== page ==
[bitc-dev] Explaining inheritance vs. type classes
Jonathan S. Shapiro
shap at eros-os.org
Tue Mar 23 12:03:30 PDT 2010
On Tue, Mar 23, 2010 at 10:57 AM, Rick Richardson
<rick.richardson at gmail.com> wrote:
>> What I think I was really saying is that in some peculiar sense, those classes whose instances do not close over something aren't quite types, but it isn't clear from the class declaration which ones are which.
> I see what you're saying. I would argue that no class in their system is a type. None can have instances. They are open. They are a collection of traits to be ascribed to whatever values an object would see fit.
> Sealed classes, on the other hand, are closed, they can also imply additional constraints in their methods/objects. They should be directly instantiable.
The fact that they are open does not inherently prevent them from
being types, and the "object" definition mechanism in Oliveira and
Sulzmann does create instances of a previously declared class (though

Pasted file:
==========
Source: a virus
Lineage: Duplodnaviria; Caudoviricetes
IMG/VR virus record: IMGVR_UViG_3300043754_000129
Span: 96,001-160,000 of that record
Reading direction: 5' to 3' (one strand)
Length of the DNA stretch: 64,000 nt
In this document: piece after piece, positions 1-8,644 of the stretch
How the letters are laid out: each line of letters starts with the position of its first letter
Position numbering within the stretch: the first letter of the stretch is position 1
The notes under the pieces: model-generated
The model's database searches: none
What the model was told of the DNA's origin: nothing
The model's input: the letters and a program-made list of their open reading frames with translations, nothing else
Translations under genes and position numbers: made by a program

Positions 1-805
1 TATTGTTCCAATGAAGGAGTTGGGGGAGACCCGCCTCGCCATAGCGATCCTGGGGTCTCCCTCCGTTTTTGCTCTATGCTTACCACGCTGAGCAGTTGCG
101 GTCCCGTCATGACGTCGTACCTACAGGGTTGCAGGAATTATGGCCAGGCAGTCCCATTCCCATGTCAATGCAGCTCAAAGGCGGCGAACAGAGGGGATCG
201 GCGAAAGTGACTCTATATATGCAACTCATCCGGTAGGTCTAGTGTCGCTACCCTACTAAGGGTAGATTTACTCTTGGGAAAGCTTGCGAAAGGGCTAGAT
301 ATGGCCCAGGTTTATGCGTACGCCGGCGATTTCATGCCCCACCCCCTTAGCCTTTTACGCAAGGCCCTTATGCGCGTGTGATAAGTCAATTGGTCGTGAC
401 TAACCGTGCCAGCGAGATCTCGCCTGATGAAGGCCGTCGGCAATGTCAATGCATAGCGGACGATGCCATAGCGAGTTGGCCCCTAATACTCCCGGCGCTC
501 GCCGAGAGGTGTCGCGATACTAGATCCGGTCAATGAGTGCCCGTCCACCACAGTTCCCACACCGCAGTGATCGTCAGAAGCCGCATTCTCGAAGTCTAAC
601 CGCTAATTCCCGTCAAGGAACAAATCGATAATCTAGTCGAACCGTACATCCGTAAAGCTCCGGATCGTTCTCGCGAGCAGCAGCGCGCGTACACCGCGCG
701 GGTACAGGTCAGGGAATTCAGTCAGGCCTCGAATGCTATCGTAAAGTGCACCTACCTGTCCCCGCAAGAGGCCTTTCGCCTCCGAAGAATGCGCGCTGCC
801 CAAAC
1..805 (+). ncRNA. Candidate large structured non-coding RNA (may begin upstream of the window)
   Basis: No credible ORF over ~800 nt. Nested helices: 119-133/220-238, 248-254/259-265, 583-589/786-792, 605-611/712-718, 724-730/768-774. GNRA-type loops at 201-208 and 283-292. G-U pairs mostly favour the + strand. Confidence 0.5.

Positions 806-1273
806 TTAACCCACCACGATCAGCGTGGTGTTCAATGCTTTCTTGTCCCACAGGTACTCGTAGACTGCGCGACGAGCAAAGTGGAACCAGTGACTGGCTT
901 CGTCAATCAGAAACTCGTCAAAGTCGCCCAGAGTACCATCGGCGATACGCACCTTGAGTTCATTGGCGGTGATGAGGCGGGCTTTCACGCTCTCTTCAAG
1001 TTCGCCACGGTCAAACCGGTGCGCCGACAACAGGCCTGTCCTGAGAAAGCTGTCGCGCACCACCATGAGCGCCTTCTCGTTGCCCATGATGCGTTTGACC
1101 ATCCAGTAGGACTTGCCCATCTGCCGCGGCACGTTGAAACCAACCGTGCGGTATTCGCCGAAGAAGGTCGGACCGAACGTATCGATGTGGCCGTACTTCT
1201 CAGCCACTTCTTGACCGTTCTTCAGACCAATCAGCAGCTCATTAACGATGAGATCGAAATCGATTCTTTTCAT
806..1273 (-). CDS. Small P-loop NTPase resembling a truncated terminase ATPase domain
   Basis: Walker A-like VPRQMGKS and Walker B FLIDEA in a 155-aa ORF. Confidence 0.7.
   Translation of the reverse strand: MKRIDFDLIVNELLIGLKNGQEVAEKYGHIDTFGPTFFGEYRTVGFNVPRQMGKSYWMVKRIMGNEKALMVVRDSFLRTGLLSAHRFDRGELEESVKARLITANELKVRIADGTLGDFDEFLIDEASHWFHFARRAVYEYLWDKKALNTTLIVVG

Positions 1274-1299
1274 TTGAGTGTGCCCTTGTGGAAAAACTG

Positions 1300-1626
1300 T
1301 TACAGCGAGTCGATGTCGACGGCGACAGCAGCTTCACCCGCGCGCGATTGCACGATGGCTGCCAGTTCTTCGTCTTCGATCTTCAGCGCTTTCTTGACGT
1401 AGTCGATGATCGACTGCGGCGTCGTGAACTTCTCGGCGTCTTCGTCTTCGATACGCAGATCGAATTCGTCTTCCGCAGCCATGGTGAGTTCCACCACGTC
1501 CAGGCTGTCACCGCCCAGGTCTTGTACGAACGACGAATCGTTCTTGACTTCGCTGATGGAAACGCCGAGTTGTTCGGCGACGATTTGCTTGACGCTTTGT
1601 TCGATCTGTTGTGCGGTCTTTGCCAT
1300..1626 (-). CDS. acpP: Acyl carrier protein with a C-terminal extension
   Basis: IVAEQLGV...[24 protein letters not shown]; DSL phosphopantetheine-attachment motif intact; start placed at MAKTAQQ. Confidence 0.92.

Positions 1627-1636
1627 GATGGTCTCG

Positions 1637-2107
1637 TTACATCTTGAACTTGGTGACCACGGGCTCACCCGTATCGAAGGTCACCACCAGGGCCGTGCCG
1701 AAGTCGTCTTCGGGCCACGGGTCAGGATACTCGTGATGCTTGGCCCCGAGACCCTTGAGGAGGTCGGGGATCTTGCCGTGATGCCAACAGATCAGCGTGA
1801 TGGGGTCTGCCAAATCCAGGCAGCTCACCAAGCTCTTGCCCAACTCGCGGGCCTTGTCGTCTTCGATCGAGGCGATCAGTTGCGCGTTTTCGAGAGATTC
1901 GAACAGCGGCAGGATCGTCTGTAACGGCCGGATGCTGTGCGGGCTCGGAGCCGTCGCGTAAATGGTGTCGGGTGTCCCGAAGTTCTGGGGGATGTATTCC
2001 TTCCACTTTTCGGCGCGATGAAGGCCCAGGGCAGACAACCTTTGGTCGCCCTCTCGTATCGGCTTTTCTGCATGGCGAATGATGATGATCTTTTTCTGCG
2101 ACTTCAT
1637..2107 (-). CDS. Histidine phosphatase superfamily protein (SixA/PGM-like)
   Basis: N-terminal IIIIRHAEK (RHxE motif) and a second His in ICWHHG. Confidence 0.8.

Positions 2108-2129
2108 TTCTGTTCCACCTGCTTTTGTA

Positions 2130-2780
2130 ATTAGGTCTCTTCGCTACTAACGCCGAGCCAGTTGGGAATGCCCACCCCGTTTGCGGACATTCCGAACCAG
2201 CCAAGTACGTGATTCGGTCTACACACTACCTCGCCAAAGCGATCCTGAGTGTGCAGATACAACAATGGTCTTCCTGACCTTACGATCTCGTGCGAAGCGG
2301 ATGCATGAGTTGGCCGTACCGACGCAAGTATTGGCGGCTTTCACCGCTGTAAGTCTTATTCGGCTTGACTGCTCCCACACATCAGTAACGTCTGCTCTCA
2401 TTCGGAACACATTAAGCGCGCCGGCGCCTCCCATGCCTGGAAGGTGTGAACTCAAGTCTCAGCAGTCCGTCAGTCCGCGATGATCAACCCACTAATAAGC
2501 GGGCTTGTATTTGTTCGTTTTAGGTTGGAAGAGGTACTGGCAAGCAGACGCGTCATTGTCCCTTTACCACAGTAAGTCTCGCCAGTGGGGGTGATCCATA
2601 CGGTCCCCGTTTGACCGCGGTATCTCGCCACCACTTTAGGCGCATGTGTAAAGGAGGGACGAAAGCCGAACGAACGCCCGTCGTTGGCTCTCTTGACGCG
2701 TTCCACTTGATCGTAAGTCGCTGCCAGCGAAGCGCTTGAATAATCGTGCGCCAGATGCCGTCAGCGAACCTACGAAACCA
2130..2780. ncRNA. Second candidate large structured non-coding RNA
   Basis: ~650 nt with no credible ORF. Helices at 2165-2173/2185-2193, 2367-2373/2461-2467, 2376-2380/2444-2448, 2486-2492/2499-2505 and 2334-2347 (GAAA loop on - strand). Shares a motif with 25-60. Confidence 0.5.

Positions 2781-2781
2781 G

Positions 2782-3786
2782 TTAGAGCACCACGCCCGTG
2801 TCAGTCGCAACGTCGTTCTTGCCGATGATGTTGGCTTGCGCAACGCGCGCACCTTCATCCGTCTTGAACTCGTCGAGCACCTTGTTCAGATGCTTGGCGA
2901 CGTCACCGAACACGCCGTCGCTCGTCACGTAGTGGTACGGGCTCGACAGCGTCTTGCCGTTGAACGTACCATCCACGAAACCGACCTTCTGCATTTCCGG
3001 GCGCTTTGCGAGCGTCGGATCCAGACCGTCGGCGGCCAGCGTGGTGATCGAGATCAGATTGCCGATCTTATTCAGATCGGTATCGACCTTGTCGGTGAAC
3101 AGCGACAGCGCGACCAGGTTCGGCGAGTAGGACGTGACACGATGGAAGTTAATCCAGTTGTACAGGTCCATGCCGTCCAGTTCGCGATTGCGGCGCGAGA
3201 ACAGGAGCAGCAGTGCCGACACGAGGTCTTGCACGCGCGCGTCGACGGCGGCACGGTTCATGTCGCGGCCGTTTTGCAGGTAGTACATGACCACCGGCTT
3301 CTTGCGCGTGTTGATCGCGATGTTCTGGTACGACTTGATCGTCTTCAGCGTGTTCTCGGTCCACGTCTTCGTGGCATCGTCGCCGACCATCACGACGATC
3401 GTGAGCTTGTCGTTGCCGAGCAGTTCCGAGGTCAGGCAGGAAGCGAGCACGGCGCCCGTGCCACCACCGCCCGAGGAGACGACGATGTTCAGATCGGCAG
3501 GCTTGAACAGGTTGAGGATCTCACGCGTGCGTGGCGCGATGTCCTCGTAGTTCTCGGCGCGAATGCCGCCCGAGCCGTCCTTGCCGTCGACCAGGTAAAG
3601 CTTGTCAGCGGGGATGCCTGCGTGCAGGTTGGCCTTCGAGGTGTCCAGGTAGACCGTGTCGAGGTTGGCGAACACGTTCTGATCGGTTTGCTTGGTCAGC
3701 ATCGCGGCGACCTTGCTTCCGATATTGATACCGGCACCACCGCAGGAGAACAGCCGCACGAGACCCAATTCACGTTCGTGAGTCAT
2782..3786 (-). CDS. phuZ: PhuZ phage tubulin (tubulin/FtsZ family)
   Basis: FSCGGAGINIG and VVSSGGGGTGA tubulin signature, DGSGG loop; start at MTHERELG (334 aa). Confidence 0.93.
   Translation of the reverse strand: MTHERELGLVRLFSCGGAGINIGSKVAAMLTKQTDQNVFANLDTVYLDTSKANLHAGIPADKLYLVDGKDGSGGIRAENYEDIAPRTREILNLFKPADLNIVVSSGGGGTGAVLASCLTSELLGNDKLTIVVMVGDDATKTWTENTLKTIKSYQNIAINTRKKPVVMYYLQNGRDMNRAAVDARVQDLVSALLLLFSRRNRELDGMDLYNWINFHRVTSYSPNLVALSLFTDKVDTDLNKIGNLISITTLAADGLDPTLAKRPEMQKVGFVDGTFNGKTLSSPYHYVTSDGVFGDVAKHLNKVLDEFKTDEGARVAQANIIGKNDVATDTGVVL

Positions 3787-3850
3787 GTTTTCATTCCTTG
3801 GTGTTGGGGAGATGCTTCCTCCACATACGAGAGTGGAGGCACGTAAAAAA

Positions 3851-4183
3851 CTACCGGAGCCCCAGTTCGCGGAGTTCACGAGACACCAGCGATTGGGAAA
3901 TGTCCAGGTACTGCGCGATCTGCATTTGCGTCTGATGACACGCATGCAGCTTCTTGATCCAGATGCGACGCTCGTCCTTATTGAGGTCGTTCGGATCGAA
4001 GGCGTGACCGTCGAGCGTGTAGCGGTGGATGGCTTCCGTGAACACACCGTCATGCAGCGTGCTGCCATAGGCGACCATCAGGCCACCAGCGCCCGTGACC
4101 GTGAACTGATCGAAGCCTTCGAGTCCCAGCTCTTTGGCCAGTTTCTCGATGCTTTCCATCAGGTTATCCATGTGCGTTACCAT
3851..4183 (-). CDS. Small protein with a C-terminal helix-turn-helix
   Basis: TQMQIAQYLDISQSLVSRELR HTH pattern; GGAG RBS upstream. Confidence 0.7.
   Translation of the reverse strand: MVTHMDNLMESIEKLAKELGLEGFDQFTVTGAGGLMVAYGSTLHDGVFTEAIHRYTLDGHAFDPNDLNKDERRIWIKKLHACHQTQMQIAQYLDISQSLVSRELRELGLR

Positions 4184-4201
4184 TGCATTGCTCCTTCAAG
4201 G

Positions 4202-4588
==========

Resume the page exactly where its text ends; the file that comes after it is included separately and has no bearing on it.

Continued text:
there is an existential component in the closed-over state).
What has me puzzled is that I cannot tell from the Oliveira/Sulzmann
class declaration whether a class type will be inhabited. We don't
know whether the class is instantiable until we see the constructor on
the associated object definition. Though perhaps the presence of the
so-called implicit instantiations is sufficient, and of course if the
type is fully uninhabited in a given program it will never be
instantiated and then we don't care very much in the context of that
And yet, Oliveira/Sulzmann treat these classes as types.
Okay. I finally think that I see it. They state that classes always
attached to a dictionary variable (and I might add that the facility
to *name* the dictionaries is very useful). In this view:
- The class definition is, in effect, a structure definition for
- The object definition instantiates a new copy of that dictionary type, whose
elements are closed over some state.
The resulting model lies very strongly in the "objects are defined by
behavior, not representation" camp, which has good points and bad
Their scheme remind me of one of my early confusions about type
classes. When type classes take only a single variable, it is tempting
to think that "Set 'a" is a type. Only when they take multiple
variables does it become clear that this is not a good view (or when
you start applying multiple classes). It was confusing mainly because
I was starting from the C++/Java intuition about classes.
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